Audivi vocem de caelo venientem

Composed by John Sheppard
Edited by Mitos Andaya
Series Editor: Simon Carrington
Voicing: SSAA a cappella
Catalog number: AMP 0631
Price: $1.60

John Sheppard (c. 1515-1560)

Relatively little information is known about English composer John Sheppard. He served as Informator Choristarum at Magdalen College, Oxford and was a Gentleman of the Chapel Royal in the 1550s. Though he was a prolific composer of liturgical music, his works have been overshadowed by better-known English composers such as Taverner, Tallis and Byrd.

“Audivi vocem de caelo venientem” is the eighth respond for the Office of Matins on All Saints Day. This particular setting demonstrates Sheppard's mastery of polyphony and expressive imitation elements that are present in much of his choral writing.

The original voicing for Sheppard's setting was for two means and two tenors; however, Renaissance musicians practiced transposition regularly to make best use of the singers available on particular occasions. This setting (transposed up a perfect 5th from the original) works well for modern SSAA ensembles and can be transposed further as needed.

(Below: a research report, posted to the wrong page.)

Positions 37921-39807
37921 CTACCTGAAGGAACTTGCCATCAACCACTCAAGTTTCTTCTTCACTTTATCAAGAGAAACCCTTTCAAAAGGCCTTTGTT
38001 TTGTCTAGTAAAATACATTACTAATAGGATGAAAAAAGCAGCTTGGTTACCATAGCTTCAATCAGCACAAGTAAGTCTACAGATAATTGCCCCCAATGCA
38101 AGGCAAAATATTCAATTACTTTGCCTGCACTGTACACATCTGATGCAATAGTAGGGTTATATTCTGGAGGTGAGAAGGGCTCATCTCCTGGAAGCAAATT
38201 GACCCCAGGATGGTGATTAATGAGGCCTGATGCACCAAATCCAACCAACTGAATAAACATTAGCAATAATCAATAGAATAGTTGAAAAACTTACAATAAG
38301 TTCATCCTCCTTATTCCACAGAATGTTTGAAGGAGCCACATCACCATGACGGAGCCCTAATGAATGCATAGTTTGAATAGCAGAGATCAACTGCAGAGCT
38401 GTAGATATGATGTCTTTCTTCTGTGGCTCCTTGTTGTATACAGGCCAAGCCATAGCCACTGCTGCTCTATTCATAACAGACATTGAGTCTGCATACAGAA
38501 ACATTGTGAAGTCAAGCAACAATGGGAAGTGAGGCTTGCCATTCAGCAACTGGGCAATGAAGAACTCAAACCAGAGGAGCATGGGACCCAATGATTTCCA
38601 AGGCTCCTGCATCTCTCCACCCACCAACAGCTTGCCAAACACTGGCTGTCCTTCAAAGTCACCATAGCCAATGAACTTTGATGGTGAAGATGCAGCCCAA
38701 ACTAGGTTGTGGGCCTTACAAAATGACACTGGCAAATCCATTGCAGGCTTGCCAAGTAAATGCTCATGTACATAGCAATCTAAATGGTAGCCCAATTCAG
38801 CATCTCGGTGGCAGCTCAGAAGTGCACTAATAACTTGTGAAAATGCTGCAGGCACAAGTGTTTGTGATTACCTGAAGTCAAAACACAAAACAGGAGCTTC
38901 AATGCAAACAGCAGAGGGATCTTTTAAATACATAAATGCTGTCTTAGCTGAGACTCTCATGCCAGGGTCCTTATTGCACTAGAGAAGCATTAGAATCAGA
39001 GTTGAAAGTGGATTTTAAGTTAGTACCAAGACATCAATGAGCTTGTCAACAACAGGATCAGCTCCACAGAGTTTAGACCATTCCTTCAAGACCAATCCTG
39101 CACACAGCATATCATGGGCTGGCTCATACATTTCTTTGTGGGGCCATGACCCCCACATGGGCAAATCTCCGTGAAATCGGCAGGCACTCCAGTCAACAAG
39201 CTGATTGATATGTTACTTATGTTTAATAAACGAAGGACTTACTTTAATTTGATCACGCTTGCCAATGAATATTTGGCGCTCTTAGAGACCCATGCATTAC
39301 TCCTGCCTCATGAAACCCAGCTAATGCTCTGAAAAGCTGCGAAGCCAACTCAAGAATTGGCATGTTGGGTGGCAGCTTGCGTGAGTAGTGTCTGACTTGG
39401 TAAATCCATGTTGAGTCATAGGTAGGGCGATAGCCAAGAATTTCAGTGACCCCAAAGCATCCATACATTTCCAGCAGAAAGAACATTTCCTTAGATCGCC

The slurs in the chant have been altered to clarify the melismas for today's ensembles, rather than to indicate the ligatures of the original chant.

The tenuto marks in the chant are merely indications where a slight relaxation in tempo may enhance the overall effect. Breath marks are also suggested.

Attention should be given to the imitation between pairs of voices throughout. There are fine examples of this technique on the text clamor factus est. In this setting, centered around A, the note F is particularly expressive and should be treated as such, especially when A is in the lowest voice. Examples of this are in the first note of the soprano 1 m. 16, and the first note of the soprano 2 in m. 28. The note F should feel the pressure and the note that follows the release. These expressive devices apply to any phrase where a 6th above the lowest note (the pressure note) releases to the 5th and these are indicated in this edition by small tenuto lines over the relevant notes. Text stress is also indicated by lines under the appropriate syllables. Slight ritardandi and a relaxation of the tempo are encouraged in the penultimate bars leading into the closing cadence of each major section. The accidentals above the notes in measures 26, 27, 29, and 30 are editorial suggestions. If taken, the false relation between the G sharp and G natural will create a striking effect often seen and heard in early English Renaissance music. Singers of the day would have added this kind of musica ficta almost on a whim. Mitos Andaya TRANSLATION Audivi vocem de caelo venientem: I heard a voice come from heaven: Venite omnes virgines sapientissimae Come all ye most-wise virgins Oleum recondite in vasis vestris, Store up oil in your vessels Dum sponsus advenerit. until the Bridegroom comes. Media nocte clamor factus est: In the middle of the night the cry was made: Ecce sponsus venit. Behold the Bridegroom comes. Oleum recondite in vasis vestris, Store up oil in your vessels Dum sponsus advenerit. until the Bridegroom comes.

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